Amid an ongoing push for higher wages by US workers, including union-building efforts and a national railway strike that was averted last December, some states are finding ways to undercut the working class.
One method, as Business Insider reports, is for the US to start allowing children aged 14-17 into the workforce. The federal government has said this practice is already increasing in an illicit fashion, too.
In the last month, Republican lawmakers in Iowa and Minnesota have introduced legislation that would allow exceptions to existing child labor regulations. This is aimed at ameliorating the ongoing labor shortage in the US, which is also plaguing other countries, predominantly in the West.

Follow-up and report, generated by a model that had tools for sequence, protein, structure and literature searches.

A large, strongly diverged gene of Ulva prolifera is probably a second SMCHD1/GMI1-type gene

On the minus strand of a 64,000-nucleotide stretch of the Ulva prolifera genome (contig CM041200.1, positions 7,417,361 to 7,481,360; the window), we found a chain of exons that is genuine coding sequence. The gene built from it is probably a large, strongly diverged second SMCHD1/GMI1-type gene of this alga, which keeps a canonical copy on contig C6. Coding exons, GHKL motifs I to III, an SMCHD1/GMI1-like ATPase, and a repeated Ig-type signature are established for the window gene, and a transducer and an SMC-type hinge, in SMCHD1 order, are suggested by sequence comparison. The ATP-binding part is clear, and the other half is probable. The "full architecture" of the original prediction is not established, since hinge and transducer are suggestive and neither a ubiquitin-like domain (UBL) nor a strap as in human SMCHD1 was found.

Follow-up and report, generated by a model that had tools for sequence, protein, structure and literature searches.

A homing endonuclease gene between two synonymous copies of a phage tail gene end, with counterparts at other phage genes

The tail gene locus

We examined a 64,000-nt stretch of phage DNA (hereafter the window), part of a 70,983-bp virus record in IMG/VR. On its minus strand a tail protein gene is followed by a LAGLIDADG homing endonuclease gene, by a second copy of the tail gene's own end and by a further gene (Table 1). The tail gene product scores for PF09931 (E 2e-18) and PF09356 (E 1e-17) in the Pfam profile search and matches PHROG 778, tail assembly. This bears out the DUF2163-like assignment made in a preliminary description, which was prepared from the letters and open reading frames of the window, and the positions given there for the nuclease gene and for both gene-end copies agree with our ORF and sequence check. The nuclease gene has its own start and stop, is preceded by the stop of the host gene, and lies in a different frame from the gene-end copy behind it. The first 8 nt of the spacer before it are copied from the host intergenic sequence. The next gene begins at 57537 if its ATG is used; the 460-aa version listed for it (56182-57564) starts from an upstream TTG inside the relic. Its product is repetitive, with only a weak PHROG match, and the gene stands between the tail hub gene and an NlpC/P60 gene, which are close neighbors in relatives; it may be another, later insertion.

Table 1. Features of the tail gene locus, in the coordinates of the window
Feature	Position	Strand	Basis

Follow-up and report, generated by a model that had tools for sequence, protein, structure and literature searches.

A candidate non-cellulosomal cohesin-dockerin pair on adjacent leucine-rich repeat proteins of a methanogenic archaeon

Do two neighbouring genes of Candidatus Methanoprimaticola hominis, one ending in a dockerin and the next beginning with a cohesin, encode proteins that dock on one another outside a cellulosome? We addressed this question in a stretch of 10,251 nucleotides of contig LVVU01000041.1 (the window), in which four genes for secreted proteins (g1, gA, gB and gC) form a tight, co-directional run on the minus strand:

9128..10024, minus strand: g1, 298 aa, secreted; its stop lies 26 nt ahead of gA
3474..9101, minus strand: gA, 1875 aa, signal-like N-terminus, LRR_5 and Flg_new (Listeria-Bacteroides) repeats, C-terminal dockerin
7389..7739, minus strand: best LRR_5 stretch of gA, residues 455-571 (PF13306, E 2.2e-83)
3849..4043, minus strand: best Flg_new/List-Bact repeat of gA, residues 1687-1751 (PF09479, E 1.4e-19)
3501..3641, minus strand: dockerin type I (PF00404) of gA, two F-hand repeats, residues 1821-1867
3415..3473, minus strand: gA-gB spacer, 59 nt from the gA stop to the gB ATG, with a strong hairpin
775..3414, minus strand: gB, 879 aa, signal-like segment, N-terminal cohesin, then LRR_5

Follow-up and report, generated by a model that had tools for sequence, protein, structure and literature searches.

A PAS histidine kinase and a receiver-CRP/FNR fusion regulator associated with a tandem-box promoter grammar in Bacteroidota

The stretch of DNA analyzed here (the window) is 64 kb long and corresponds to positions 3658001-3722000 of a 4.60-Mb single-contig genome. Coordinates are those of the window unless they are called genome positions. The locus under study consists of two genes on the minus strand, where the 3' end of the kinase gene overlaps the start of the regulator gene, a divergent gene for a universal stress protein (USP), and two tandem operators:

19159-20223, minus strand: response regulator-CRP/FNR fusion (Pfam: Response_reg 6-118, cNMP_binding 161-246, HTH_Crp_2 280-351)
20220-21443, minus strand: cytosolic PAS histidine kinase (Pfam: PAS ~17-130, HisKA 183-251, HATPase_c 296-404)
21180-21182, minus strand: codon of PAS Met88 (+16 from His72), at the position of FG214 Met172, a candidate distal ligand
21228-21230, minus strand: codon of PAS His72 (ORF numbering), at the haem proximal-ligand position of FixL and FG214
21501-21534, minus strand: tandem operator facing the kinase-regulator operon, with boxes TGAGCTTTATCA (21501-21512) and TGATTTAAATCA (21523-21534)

According to Business Insider, the State of Minnesota “lost 90,000 workers alone during the pandemic, according to state demographers, making it one of the tightest labor markets in the country. Iowa’s not far behind with roughly 75,000 open jobs in December.” The proposed bills in these states would allow children to work more hours and “protect employers from liabilities due to sickness or accidents,” which could help specific industries like construction and meatpacking that are being hit hard in these states.